GDPR – A New Era For Data Protection

GDPR – a new era for data protection

Well, there you have it. The laws are in and you will no longer have to see those annoying spam GDPR emails from those companies you didn’t realise existed.  The 25th May 2018 saw the single biggest overhaul of data protection of our time take place. All the frantic scrambling taking place in many businesses was simply the implementation of these regulations.  This can only mean one thing – a new era for data protection.

What Is GDPR?


If you’ve been living under a rock for the past few weeks let me explain it quickly. The General Data Protection Regulation (GDPR) is a replacement for the Data Protection Directive.  This is a regulation in EU law regarding data protection and privacy for all individuals within the European Union. It addresses the export of personal data in the EU.

The two main objectives of GDPR:

  1. Give citizens and residents back control of their personal data.
  2. Simplify the environment for international business by unifying the regulation within the EU.

How is this being enforced? Instead of hundreds of pages of legal documentation outlining the terms and conditions of a business’ data practices, companies will need to create clear notices and get unambiguous consent from a user.

What does GDPR mean for my business?

The simple answer is that it means a lot. Any company, big or small, will have to comply in some way with new regulations regarding the secure collection, storage, and usage of personal information.

Does your business have less than 250 employees? You will not be bound by GDPR… well, kind of. If the processing carried out is likely to result in a risk to the rights and freedoms of data subjects, you could still be fined for failure to comply.

Your employees could ask you to disregard their data if they wish, within reason. You will obviously need to keep basic information such as their banking info, name, and their address. This is essentially so they can be paid unless they want to work for free, I guess? 

Breaches of data security must be reported immediately to data protection authorities such as the Information Commissioner’s Office (ICO) in the UK. Ideally, breaches should be reported within 24 hours if possible but at least within 72 hours. Failure to do so means a hefty fine.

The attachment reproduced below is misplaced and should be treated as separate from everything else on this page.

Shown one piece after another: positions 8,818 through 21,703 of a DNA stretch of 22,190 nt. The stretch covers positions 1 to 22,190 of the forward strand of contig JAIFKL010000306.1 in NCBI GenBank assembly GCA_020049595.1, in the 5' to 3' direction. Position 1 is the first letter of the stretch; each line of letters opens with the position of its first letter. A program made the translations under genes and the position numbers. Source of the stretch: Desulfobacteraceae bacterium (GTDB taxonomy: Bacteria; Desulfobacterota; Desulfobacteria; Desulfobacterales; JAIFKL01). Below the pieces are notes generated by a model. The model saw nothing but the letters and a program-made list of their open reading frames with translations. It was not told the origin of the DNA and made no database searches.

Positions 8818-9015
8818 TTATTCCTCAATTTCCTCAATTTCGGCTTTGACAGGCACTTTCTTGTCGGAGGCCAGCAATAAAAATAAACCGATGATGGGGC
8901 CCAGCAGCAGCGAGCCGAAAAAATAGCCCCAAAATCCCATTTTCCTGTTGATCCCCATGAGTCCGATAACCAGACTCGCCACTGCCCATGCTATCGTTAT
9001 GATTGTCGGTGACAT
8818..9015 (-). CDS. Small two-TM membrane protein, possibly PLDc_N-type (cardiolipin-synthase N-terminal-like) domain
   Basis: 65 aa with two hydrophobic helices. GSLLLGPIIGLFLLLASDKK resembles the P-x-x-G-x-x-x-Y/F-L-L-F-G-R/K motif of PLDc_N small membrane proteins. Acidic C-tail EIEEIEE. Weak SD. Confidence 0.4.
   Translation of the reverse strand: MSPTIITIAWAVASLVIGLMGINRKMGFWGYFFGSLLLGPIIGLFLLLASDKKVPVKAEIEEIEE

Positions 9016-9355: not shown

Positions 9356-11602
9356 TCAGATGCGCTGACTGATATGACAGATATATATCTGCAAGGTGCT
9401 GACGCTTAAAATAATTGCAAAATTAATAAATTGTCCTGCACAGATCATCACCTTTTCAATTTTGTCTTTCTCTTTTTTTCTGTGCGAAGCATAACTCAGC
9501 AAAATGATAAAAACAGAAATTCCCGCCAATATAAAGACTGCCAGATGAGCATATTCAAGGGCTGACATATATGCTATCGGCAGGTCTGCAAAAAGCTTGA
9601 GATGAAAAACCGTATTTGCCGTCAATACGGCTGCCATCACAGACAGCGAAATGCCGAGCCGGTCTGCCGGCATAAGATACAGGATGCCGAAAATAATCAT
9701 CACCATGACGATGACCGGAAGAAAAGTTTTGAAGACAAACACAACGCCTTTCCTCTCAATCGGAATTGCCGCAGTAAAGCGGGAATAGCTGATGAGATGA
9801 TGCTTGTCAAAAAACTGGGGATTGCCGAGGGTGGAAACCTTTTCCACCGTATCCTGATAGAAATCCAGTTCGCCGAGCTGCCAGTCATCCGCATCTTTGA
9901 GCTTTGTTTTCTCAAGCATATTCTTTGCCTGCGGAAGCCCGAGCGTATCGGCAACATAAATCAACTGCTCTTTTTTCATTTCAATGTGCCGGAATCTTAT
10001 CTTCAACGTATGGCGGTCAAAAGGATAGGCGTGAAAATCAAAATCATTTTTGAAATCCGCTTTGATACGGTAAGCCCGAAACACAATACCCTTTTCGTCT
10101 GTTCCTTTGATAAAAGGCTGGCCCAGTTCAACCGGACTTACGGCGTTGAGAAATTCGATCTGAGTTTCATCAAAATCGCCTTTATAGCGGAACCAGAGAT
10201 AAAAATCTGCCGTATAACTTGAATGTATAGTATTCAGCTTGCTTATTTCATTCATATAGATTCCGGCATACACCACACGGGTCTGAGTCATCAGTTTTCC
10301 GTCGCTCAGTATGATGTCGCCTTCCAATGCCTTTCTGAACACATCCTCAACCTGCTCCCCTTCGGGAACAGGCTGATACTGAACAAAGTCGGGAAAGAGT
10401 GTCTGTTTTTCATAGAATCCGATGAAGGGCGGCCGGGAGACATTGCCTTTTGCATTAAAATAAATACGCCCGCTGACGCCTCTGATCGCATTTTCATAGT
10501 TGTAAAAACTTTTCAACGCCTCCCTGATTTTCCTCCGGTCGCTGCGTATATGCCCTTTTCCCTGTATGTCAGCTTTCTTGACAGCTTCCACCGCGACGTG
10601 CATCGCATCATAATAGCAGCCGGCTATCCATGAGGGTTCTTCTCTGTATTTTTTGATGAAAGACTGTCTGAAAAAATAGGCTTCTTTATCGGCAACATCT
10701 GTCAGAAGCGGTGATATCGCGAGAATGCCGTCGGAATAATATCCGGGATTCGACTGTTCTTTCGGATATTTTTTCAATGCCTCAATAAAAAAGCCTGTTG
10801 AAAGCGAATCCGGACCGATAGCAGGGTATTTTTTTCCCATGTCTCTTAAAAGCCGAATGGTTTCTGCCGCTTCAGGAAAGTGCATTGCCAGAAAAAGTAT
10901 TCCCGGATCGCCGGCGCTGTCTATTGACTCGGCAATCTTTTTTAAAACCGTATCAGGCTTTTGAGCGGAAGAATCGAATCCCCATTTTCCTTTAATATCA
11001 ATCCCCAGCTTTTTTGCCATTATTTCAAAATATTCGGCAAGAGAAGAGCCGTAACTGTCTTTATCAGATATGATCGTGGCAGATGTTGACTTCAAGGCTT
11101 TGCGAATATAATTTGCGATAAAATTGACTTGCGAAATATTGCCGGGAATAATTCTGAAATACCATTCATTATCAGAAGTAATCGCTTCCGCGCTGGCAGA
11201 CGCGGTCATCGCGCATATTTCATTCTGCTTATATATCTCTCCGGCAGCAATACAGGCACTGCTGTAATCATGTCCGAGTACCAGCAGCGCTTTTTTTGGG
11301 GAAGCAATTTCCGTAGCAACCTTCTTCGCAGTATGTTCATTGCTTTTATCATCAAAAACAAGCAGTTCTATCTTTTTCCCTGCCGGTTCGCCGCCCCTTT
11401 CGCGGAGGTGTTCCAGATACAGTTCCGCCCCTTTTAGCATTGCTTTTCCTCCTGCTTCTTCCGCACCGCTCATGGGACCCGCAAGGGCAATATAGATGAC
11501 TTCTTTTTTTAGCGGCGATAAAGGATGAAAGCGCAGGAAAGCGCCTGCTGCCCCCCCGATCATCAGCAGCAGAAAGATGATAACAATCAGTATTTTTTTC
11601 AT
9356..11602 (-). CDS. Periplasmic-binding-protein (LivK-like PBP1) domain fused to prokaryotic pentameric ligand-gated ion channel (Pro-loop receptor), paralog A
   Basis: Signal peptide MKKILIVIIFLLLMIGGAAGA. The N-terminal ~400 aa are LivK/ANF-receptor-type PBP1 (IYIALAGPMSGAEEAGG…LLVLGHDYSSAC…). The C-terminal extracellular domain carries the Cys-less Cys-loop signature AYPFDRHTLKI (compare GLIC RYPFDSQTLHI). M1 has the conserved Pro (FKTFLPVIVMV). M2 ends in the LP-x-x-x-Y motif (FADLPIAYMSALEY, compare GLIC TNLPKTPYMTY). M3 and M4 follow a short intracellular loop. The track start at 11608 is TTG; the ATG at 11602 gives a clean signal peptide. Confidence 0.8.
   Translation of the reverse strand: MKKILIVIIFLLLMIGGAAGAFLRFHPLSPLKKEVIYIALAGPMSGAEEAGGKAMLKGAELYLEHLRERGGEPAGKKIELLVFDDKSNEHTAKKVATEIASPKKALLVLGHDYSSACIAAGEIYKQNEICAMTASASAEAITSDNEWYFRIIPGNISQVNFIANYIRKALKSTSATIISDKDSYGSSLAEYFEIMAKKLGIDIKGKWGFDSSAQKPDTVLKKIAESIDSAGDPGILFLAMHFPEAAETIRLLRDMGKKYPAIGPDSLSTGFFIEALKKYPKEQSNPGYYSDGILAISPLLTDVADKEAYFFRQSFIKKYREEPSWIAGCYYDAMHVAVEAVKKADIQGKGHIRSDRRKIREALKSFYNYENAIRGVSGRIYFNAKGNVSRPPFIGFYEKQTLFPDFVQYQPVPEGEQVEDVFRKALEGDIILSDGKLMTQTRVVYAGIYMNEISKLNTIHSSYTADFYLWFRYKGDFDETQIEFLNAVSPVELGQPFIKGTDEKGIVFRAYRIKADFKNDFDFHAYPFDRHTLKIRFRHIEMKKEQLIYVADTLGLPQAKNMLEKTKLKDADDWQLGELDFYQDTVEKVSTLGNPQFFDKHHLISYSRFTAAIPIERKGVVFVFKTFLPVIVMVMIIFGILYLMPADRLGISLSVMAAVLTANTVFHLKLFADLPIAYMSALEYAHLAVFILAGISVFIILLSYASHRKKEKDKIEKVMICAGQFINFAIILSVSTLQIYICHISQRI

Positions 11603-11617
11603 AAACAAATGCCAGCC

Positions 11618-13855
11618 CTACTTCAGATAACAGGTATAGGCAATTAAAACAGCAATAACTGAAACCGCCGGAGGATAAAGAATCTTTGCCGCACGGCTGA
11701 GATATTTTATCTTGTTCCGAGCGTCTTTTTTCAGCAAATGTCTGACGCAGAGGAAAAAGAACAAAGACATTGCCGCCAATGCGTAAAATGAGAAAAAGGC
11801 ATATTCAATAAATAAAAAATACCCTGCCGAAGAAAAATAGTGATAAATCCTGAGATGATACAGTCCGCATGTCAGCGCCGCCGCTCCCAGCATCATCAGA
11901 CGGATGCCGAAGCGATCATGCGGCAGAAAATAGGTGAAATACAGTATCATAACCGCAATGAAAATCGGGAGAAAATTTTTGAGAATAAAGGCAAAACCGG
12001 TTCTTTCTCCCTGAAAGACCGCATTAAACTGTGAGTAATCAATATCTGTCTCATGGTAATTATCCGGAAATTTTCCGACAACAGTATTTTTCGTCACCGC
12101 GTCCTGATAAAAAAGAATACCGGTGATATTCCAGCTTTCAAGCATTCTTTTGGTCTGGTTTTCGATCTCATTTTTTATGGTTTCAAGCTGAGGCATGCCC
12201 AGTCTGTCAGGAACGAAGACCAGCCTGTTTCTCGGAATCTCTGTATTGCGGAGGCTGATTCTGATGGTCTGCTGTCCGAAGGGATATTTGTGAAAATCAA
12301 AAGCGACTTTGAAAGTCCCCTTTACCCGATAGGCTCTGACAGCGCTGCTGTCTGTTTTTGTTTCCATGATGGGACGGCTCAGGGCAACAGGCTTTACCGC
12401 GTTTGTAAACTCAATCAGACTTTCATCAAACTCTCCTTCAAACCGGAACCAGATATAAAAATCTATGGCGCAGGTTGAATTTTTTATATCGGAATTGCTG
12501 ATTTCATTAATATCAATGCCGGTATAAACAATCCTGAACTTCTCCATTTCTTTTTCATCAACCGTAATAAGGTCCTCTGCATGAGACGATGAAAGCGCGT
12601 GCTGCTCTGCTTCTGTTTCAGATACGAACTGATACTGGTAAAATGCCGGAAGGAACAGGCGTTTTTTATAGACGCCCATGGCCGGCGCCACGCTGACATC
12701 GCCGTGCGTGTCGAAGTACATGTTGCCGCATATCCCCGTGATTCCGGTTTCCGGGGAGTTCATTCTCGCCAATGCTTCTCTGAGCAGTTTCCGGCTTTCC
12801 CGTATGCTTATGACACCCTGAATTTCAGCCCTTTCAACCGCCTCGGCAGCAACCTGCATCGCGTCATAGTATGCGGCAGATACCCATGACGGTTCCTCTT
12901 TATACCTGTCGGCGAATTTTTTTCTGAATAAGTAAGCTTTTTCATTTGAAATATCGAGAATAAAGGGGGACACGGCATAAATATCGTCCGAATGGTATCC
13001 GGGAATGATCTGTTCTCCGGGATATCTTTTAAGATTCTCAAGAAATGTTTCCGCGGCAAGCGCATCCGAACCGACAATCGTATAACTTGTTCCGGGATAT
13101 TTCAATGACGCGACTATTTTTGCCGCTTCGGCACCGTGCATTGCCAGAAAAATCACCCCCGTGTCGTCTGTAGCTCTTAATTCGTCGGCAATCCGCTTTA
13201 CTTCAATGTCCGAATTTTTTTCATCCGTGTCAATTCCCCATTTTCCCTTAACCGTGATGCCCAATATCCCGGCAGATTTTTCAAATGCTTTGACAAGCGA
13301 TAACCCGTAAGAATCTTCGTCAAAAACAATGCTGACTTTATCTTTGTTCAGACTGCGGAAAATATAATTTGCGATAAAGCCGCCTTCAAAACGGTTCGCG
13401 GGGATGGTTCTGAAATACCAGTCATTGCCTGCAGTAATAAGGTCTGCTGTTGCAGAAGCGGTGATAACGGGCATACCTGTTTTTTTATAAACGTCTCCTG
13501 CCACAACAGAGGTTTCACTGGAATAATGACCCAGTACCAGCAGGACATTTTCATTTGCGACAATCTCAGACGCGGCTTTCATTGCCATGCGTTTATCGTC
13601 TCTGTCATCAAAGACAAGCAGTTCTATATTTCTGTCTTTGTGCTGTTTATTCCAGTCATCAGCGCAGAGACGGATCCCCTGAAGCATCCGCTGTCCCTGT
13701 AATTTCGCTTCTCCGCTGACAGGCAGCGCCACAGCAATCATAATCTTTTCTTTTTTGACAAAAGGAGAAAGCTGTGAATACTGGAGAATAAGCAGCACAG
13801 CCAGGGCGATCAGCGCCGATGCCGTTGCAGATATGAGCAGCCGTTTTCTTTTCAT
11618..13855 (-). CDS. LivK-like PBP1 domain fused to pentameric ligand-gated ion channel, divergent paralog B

What fines are there?

You will get either a cool invoice bill of up to £20 million in the mail or a lovely cut in 4% of your global sales. Pocket change.

4%So it only counts for EU Citizens?

While every EU citizen is bound by this law, any company that operates within the EU will be subjected to GDPR. If these companies don’t operate in the EU though they obviously don’t need to.

Do you think this will affect the advertising/marketing industry?

Data is probably the most effective tool in the industry, so yes. Data is used to predict ratings, impressions, clicks etc. It is used to paint a unique picture of a consumers spending habits and interests. So yes, there’s little doubt that GDPR is going to shake up the digital marketing landscape. So it is important for businesses to ensure they have implemented the changes necessary to comply.

Granted there are a lot of brilliant things that consumer data can offer the marketing and advertising industry. However, hackers also have nefarious motives to get their hands on this information. So it’s important to remember that it isn’t about making life difficult for businesses, it’s about making it difficult for criminality to prevail.

Steps towards compliance

I’m guessing most of you will have already taken these steps but if you haven’t you should determine if and how you will be affected. Analyse your processes of how data is:

  • Collected – get the specifics of your opt-in statement right.
  • Recorded – this must be provable.
  • Stored – privacy and safety are paramount.
  • Retrieved – the data subject has the right to request access to data stored about them.
  • Disclosed – you must be transparent about who you share details with and share responsibility with any third parties.
  • Erased – the data subject has the right to be forgotten.

In Conclusion…

It’s important to remember that the language we use can dictate the conversation. Meaning that humans are highly adaptable and changes will be constant in this digital world we currently reside. With the possibility of a slow-down in the progression of marketing, ensure your business is ready to adapt in order to tackle this. Don’t just accept it, do what you can in order to drive business development and sales.

Don’t forget that many users don’t want to change the conveniences they have adopted in their lives. The frequent use of sites like Google, Facebook and Amazon mean that the data at our disposal, in which we use daily in our work practices, probably won’t go into complete lockdown as feared. Essentially there shouldn’t be too much of a change it will just be a safer environment for everyone involved!